ACLU of Kansas and Western Missouri Seeks Additional Information from Kansas Attorney General on CD Censorship

Affiliate: ACLU of Kansas
August 17, 2004 12:00 am

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TOPEKA, KS – In a letter submitted today, the American Civil Liberties Union of Kansas and Western Missouri called on Kansas Attorney General Phill Kline to explain his decision to ban over 30 music CDs from Kansas libraries.

“Through his actions, Attorney General Kline usurped the authority of trained professional librarians across the state to make decisions about the content of their collections,” said Dick Kurtenbach, Executive Director of the ACLU of Kansas and Western Missouri. “Attorney General Kline is far removed from librarians in Hayes or Wichita or Kansas City, who strive every day to build collections that serve the needs of their various communities.”

In describing the process used to select CDs to be banned, Whitney Watson, a spokesperson for Kline’s office reportedly said, “We don’t have the manpower to look at every album and song lyric, but we feel we removed most of the albums that did not mesh with the values of a majority of Kansans.”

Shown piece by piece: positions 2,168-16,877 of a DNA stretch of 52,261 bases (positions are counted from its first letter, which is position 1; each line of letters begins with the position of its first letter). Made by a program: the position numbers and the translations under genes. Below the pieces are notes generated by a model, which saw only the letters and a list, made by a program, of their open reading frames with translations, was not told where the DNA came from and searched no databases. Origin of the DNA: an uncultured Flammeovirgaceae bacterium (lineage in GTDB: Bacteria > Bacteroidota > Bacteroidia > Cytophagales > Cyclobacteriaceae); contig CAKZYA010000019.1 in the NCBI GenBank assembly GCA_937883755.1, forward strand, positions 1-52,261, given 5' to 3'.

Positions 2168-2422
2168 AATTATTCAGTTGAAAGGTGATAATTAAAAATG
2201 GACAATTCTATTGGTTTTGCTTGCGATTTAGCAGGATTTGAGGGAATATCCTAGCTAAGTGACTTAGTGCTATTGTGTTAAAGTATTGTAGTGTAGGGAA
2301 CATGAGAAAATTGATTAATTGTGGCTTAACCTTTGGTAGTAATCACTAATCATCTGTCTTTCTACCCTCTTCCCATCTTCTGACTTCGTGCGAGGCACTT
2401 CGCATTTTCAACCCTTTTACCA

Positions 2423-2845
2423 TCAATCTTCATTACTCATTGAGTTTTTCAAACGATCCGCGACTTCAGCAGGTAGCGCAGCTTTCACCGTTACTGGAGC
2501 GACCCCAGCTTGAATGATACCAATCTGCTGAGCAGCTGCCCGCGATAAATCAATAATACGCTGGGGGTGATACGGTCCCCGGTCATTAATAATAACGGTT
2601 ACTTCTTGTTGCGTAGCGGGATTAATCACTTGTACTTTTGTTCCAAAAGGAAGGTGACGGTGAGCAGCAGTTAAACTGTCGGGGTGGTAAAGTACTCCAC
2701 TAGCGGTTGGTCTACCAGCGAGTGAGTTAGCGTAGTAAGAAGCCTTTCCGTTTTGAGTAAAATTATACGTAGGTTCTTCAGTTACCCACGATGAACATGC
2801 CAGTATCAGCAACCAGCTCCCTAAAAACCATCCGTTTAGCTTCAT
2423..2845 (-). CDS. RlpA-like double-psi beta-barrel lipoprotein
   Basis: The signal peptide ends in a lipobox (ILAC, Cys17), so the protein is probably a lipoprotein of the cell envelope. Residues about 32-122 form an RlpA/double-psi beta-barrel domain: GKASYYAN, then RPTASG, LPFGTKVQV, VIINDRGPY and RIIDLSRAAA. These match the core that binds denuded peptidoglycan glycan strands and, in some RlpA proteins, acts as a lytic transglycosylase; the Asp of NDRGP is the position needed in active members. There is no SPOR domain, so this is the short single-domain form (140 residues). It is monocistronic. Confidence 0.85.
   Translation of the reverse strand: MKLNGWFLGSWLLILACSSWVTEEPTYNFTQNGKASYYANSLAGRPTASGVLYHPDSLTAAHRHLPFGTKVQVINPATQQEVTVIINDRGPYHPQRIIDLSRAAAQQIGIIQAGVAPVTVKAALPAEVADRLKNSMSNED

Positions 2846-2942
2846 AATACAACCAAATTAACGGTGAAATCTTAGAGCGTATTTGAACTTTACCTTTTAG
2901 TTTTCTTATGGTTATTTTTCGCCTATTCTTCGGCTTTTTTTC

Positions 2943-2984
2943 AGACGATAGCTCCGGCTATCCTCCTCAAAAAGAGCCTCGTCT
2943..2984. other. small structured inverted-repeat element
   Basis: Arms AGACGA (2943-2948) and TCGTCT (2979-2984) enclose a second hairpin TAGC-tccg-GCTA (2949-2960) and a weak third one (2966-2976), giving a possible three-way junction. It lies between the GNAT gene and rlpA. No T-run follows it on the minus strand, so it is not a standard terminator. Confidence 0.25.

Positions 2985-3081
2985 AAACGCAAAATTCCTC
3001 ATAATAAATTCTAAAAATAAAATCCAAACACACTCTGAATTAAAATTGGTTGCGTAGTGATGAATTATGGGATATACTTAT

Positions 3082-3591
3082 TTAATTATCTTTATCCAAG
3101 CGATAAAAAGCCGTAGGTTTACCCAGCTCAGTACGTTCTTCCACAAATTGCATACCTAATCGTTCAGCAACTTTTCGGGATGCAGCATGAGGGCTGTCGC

In its letter, the ACLU pointed out that the First Amendment does not permit a majority of Kansans to decide what materials a minority can obtain, nor does it permit an elected official to make that judgment on behalf of his constituents.

The CDs were given to the state as part of a settlement in a 2002 price-fixing lawsuit brought by Kansas and several other states. The ACLU letter specifically requested a copy of the settlement agreement, a complete list of the CDs that were to be distributed, a list of the banned CDs and an explanation of the criteria Kline’s office used to evaluate the CDs.

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